Today, September 9, is the Memorial of St. Peter Claver.
Peter was born on June 26, 1580 in Catalonia, Spain, to a devout Catholic family. Educated at the University of Barcelona, Peter vowed to devote his life to the service of God from early on.
Peter joined the Society of Jesus (the Jesuits) at the age of twenty. During his novitiate, he met St. Alphonsus Rodriguez, who encouraged him to missionary work in America. He left for South America, arriving in Cartagena, Columbia in 1610. While still studying for the Jesuits he became disturbed by the condition and treatment of the slaves in the New World. Cartagena was a major center of the slave trade, where 10,000 slaves were brought to America from Africa every year. There treatment during the sea journey was so horrible that an estimated third died en route. Though the slave trade had been condemned and forbidden by Popes Paul III and Urban VIII. Nevertheless, these condemnation were ignored. Another example of people, even Catholics, not willing to do what is right because there’s too much money to be made in doing what is wrong.
Fr. Alonso de Sandoval, SJ had been ministering to the slaves for forty years when Peter met him and turned to him as guide and mentor. When Peter made his final profession in 1622, he signed the document: Petrus Claver, aethiopum semper servus (Peter Claver, servant of the Ethiopians [Africans] forever).
Fr. Peter would take his small boat out to the slave ships on their arrival. Immediately, he would make his way to the slave hold, bring food, drink, medicine and spiritual comfort to those who had managed to survive the wretched voyage. He would focus first on meeting their physical needs, saying, “We must speak to them with our hands before we try to speak to them with our lips.” After they had recovered, Fr. Peter would offer catechism, teaching them the love of Christ for them and to remember their dignity as children of God. It is estimated that St. Peter Claver baptized 300,000 during the forty years of his ministry.
Fr. Peter did not limit his ministry to the slaves only on their arrival to America. He would regularly visit those he had baptized on the plantations where they worked, continuing his catechetical education and encouraging their masters to treat them humanely. When he visited the plantations, he would insist on staying in the slave quarters, despite the objections of the planation owners. As well, he extended his ministry to include lepers, the poor, prisoners, merchants and sailors, and made regular trips to the hospital to minister to the ill.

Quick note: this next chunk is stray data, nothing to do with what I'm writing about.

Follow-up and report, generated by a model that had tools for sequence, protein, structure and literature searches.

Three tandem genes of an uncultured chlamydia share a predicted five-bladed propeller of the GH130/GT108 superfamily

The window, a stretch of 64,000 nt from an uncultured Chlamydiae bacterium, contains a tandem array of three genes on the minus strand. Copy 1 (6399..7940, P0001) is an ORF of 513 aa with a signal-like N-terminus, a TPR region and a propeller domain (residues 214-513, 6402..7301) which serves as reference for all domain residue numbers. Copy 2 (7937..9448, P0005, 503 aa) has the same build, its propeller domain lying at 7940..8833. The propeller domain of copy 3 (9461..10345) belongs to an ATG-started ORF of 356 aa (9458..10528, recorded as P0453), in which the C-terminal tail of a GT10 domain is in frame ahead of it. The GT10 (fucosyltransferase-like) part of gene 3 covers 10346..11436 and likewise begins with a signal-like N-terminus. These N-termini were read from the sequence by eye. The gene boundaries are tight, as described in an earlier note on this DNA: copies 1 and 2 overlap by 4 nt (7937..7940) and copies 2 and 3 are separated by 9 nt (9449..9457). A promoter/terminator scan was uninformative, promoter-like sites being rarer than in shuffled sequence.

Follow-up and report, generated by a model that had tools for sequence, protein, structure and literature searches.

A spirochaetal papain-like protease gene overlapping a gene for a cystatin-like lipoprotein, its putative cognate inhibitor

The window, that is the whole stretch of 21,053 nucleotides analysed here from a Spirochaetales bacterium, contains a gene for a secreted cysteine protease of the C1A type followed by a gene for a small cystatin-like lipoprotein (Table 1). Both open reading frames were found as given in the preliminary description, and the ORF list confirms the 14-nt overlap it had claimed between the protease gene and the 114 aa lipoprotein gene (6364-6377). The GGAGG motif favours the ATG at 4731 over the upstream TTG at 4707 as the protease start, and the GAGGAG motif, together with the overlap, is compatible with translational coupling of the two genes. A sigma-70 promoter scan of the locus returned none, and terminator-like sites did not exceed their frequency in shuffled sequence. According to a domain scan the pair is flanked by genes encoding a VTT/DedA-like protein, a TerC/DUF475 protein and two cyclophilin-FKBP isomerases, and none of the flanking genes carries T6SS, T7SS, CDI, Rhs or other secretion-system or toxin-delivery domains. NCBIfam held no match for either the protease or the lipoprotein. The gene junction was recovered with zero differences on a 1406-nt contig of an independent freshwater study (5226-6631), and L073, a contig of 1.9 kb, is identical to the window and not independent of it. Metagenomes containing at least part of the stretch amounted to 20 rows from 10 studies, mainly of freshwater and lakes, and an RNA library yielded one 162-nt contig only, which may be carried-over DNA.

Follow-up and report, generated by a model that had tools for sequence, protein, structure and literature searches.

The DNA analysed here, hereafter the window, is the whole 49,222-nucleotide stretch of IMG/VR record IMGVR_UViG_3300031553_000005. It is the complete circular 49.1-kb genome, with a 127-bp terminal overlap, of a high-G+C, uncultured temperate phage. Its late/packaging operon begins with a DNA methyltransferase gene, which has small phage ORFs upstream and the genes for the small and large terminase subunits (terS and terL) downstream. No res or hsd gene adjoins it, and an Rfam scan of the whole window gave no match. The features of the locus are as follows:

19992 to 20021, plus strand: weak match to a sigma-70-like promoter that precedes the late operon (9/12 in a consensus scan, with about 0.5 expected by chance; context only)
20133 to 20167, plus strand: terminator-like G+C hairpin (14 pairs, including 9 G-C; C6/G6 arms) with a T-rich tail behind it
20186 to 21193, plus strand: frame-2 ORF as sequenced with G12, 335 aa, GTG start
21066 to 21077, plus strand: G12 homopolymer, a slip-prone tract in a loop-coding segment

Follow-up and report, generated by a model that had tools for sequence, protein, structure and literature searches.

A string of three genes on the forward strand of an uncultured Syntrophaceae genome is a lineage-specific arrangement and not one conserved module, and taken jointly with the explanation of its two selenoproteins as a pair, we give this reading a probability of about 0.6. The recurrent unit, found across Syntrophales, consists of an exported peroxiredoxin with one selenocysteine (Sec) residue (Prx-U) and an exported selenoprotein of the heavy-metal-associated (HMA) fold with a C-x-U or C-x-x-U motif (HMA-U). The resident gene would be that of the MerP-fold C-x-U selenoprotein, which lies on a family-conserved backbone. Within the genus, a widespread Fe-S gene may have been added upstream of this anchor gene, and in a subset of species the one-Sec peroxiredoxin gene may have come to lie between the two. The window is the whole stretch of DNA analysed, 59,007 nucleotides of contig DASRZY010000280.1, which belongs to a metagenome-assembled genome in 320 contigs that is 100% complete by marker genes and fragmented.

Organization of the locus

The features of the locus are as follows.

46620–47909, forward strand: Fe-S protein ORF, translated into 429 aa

Fr. Peter met with mixed reactions from the Spanish in Cartagena. Some would contribute to his ministry. Others refused to be seen in the churches where he celebrated Mass and preached.
A story of St. Peter Claver is that he was called to the shack of a slave who was suffering from epileptic seizures. Those who had come with him to assist ran from the shack, fearful of what they did not understand. Fr. Peter called back to them, “Don’t run! We must help him. This is Jesus, our brother. This is Jesus, our brother.”
In 1550, Peter became ill from one of the several epidemics Cartagena endured during his years there. He lingered for four years, abused at the hands of a former slave his Superiors had hired to care for him. He accepted this abuse, never complaining about it, as punishment for his sins. When he died on September 8, 1854 the magistrates of Cartagena, who had previously opposed his ministry to the slaves, ordered a public funeral with great ceremony.
Peter Claver was beatified by Pope Pius IX in 1851 and canonized by Pope Leo XIII in 1888, along with Alphonsus Rodriguez, the lay porter to the Jesuits who had first encouraged him to the missions.
St. Peter called himself the slave to the slaves. He is the patron saint of slaves, of the country of Columbia, and of ministry to Africans. Many African-American Catholic parishes are named in his honor.
Pope Francis will visit Columbia on September 10. He is scheduled to visit the shrine to St. Peter Claver while there and to pray the Angelus at his tomb.
O God, who made Saint Peter Claver a slave of slaves and strengthened him with wonderful charity and patience as he came to their help, grant, through his intercession, that, seeking the things of Jesus Christ, we may love our neighbor in deeds and in truth. Through our Lord Jesus Christ, your Son, who lives and reigns with you in the unity of the Holy Spirit, one God, for ever and ever. Amen. From New … Saint Joseph Weekday Missal
Be Christ for all. Bring Christ to all. See Christ in all.